Converting MP4 with subtitles for Roku

28 Oct 2015 06:37

I recently bought a HiSense Roku TV and it's awesome (I've never had a Roku device before).

The problem is that even though the TV has an USB port and Roku has a "Roku Media Player" channel that allows you plan video and audio files from the USB disk, not all formats are accepted.

Interestingly Roku has support for subtitles, but the support is quite limited. I found out that one of the options that work nicely is to have the subtitles embedded into the movie itself, given the movie uses Matroska container (.mkv files).

On a side note, if the files are not encoded "properly" (Roku only supports a selection of video and audio codecs), you'll need to re-encode the video using ffmpeg or avconv, but how to do it is much simpler to Google than how to deal with the subtitles. In this post I'll only show you how to deal with the subtitles.

So let's see what we have:

quake@quake-laptop:~/movies$ ls
movie.mp4 movie.txt

There's a MP4 file and subtitles in a separate file.

quake@quake-laptop:~/movies$ avconv -i movie.mp4 -f microdvd -sub_charenc cp1250 -i movie.txt -c:v copy -c:a copy movie-with-subs.mkv

Let's look at this command part by part:

  • avconv — the tool we're using
  • -i movie.mp4 — the movie to convert
  • -f microdvd — format for the subtitles (this part is actually optional)
  • -sub_charenc cp1250 — the encoding of the subtitles (optional if UTF-8)
  • -i movie.txt — the subtitles
  • -c:v copy -c:a copy — copy the audio and video stream (rather than re-encode)
  • movie-with-subs.mkv — the output file

Which is very nice is this command will not do any re-coding, it will only repackage the movie from MPEG to Matroska container and convert the subtitles. This means there's no quality lost and it only takes a few seconds.

As noted above if the file is not playable on Roku (or there's audio missing) you may actually need to transcode the file (omitting or modifying the -c:v copy -c:a copy line).

Comments: 0

Working around a buggy sound card

02 Dec 2014 23:34

I found the laptop I bought recently has a weird thing with its soundcard. It plays music OK, it also allows you to change the mixer levels, nothing special, but when you try changing mixer setting while the music is playing the music starts getting choppy and the process handling the mixer tend to freeze. Also you cannot pause the music, sometimes it repeats the same sample over and over and it gets very annoying.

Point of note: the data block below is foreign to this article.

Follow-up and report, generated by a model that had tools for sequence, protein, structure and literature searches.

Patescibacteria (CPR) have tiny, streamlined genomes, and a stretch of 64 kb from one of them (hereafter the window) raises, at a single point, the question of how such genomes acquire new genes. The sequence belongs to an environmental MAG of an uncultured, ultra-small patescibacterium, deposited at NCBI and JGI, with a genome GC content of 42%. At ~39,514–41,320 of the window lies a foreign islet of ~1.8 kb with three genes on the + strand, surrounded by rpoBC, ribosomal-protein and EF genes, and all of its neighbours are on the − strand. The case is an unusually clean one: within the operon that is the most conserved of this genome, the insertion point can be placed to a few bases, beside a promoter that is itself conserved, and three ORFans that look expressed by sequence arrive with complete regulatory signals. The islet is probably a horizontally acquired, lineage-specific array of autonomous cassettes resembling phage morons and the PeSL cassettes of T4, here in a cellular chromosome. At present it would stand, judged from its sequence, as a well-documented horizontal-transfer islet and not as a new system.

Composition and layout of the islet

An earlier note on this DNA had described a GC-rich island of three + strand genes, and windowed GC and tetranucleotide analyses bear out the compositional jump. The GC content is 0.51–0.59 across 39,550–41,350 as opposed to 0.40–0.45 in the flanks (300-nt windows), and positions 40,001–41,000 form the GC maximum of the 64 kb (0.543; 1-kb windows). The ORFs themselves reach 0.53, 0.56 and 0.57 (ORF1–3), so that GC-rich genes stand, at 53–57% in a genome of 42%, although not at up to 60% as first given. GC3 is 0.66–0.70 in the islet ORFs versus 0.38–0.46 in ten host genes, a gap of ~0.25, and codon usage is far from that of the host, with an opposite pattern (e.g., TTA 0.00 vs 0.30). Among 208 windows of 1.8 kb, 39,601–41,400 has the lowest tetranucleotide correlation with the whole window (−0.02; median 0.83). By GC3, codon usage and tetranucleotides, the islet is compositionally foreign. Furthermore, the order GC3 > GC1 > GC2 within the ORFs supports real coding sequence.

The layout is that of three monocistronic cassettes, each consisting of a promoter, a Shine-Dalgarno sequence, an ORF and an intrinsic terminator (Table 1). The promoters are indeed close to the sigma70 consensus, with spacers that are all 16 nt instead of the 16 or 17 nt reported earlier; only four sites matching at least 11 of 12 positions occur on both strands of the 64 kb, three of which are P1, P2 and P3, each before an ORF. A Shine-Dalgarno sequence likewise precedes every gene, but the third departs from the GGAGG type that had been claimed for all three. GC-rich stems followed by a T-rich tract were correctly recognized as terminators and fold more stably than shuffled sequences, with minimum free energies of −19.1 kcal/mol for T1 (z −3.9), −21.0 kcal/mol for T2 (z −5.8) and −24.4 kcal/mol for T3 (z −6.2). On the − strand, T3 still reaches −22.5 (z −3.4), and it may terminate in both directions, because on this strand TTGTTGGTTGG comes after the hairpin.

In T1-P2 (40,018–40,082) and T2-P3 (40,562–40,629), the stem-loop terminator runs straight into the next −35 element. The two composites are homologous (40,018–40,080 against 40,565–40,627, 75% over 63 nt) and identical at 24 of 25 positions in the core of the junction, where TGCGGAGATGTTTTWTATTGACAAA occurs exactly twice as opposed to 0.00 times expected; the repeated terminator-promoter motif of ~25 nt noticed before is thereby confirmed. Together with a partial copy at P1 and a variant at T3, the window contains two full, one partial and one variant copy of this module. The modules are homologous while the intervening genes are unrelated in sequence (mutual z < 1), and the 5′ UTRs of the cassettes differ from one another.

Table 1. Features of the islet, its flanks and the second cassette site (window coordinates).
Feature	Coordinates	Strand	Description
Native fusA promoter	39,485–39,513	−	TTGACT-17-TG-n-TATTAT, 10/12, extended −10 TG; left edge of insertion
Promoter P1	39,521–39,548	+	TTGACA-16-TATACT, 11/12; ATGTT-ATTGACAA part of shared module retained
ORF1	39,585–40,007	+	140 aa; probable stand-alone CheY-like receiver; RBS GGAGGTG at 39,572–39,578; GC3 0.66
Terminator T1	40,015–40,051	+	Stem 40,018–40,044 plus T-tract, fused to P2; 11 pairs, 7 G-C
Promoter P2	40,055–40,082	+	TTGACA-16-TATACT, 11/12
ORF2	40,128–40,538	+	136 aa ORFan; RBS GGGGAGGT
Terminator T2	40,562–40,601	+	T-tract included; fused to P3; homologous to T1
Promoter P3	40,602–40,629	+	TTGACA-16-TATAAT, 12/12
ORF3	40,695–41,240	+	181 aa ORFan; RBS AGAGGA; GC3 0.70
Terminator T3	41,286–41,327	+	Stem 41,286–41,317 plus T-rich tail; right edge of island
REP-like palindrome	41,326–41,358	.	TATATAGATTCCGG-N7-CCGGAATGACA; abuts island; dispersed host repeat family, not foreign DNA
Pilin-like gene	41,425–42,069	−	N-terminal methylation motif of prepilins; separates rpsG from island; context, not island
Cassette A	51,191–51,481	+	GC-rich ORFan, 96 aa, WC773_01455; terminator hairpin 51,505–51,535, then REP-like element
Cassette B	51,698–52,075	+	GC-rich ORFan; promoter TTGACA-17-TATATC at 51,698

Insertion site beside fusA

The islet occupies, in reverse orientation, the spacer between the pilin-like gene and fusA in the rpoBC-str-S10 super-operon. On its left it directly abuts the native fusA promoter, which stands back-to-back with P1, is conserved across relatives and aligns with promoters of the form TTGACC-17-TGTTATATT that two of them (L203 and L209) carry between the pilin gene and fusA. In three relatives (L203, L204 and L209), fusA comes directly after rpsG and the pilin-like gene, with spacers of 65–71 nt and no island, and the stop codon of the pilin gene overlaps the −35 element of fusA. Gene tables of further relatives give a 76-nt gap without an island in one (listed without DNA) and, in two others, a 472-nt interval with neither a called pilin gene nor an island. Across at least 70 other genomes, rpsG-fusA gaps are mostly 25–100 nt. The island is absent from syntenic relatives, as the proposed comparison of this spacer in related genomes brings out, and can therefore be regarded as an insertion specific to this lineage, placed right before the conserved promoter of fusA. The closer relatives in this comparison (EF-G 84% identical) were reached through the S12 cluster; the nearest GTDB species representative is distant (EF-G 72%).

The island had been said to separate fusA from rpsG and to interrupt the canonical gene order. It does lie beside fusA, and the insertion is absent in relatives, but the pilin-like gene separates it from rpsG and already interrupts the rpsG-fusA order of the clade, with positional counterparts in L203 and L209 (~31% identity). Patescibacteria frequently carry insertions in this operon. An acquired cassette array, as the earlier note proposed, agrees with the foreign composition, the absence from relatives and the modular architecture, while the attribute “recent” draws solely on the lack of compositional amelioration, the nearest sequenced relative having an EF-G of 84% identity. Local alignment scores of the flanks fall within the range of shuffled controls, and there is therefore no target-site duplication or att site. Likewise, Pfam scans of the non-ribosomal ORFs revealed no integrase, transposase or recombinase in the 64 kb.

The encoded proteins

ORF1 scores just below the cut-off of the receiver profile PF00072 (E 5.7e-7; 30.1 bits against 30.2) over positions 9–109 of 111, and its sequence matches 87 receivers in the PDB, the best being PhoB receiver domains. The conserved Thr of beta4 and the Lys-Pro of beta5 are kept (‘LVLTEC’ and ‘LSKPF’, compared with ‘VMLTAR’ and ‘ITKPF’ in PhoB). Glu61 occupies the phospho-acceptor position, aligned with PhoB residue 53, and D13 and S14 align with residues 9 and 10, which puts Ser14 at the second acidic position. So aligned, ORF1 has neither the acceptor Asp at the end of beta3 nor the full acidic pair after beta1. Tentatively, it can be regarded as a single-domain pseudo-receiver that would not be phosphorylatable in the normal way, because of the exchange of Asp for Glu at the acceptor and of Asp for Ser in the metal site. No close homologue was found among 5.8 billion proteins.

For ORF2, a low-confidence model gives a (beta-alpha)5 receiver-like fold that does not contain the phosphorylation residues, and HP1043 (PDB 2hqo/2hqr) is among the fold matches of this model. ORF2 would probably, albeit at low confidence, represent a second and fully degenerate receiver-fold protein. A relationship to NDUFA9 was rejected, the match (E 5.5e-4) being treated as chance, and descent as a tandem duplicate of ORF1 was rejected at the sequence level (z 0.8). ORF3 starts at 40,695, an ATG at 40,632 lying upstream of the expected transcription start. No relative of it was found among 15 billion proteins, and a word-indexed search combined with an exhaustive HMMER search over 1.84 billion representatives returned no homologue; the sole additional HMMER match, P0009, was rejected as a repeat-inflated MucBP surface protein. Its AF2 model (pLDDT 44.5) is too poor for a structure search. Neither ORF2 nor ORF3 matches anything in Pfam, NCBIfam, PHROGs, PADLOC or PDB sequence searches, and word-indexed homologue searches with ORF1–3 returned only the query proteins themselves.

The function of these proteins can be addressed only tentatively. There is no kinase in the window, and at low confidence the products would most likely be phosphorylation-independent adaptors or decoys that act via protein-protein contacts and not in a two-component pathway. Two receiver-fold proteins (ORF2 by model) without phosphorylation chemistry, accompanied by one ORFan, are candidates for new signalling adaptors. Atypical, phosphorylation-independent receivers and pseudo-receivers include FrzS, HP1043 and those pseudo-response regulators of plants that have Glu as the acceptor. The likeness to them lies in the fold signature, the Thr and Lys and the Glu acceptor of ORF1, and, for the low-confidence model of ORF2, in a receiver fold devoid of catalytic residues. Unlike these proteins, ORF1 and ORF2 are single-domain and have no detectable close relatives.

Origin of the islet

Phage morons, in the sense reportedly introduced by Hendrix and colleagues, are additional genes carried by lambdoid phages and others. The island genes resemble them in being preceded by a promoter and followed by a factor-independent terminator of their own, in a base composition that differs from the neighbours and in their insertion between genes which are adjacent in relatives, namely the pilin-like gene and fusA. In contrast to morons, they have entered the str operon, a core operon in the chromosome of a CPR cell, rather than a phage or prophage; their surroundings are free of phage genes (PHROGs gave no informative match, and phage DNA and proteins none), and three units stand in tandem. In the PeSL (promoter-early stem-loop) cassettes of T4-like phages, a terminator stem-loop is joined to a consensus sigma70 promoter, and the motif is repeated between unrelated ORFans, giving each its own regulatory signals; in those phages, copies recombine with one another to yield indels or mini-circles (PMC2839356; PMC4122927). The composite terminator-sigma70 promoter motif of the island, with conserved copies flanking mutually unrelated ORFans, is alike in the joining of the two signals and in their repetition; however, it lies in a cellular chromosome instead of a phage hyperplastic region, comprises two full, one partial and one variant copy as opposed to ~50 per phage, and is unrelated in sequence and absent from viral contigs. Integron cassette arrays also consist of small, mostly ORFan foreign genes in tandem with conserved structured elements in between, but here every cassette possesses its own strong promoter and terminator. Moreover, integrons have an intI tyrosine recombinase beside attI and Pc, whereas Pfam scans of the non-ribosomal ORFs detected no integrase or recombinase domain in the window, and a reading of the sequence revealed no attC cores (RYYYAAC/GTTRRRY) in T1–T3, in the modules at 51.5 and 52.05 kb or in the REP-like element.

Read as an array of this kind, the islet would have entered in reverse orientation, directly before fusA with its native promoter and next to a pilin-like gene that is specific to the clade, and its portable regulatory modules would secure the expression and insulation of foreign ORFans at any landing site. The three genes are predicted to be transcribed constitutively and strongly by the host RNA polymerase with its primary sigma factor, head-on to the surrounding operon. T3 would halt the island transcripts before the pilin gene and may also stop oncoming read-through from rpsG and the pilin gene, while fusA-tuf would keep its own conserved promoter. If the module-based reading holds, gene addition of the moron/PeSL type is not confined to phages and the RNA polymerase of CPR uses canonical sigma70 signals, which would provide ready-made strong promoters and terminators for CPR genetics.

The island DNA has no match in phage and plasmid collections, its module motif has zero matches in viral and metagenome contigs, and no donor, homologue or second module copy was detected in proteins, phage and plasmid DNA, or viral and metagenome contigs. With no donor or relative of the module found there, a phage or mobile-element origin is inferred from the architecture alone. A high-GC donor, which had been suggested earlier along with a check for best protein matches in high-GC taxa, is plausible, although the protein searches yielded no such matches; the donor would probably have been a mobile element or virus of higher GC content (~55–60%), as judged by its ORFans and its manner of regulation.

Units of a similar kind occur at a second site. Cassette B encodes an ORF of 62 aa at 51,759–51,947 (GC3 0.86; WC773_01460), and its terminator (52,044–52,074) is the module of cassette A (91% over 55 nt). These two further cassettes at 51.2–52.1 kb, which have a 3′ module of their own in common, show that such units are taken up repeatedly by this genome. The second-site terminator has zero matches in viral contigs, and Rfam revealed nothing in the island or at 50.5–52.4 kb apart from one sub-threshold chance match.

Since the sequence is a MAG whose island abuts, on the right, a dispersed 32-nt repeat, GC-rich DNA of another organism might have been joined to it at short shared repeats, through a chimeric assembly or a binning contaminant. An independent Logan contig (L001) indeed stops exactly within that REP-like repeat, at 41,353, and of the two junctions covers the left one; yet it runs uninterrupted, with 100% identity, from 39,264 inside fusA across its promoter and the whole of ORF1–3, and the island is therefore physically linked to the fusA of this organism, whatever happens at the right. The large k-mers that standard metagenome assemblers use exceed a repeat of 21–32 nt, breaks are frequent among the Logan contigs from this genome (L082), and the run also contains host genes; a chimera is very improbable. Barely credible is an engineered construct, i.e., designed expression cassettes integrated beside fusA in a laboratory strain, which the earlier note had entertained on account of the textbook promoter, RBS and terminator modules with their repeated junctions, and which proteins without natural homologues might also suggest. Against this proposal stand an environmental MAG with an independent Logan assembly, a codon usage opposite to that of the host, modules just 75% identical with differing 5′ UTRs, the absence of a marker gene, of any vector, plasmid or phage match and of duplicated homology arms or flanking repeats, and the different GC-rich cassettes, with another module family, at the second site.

My approach to this issue was to use PulseAudio software mixer capabilities, so the hardware mixer is never adjusted (other than for the initial setup).

Step 1. Getting PulseAudio to use the software mixer

I found no good documentation on this other than PulseAudio uses paths to convert the desired volume to the hardware mixer settings and if it lacks the ability to do so it would turn the volume up/down using software. Reading between the lines I realized if I remove the paths I will get what I want. Just do this and restart pulseaudio and you'll have PulseAudio doing all the mixing in software:

sudo mv /usr/share/pulseaudio/alsa-mixer/paths /usr/share/pulseaudio/alsa-mixer/paths.bak

Verifying it works

Open two terminal windows. In each of them open alsamixer. Both should display very simple controls and say Card: PulseAudio. Use F6 to switch to the real card in one of the windows. Usually the cards have plethora of controls, so should yours.

Now change the output volume in the alsamixer still saying "Card: PulseAudio". If the volume reported by the other alsamixer does not change, it works as expected!

If you now rename the paths directory back and restart the pulseaudio process, updating the PulseAudio volume should update the real device volume as well.

Step 2. Integrating this with XFCE (or other DE)

The way xfce4 handles the volume is two-fold:

  • There's a xfce4-volumed daemon. It only controls the key bindings. It binds volume up, volume down and mute keys to control the real device controls
  • There's a panel applet called "Audio Mixer" that shows the current volume level and lets you change the volume as well.

Both component are optional and both seem to not work with PulseAudio (even through PulseAudio ALSA emulation which tricks alsamixer for instance).

We're going to overcome this problem by replacing these components with two other programs.

pa-applet

pa-applet will replace the "Audio Mixer" applet. The difference is the pa-applet docks to the systray, so is not XFCE-specific. The downside is we don't have control over the specific position of the icon, all we know is it will appear in the systray (so don't forget to have the systray applet added to the panel).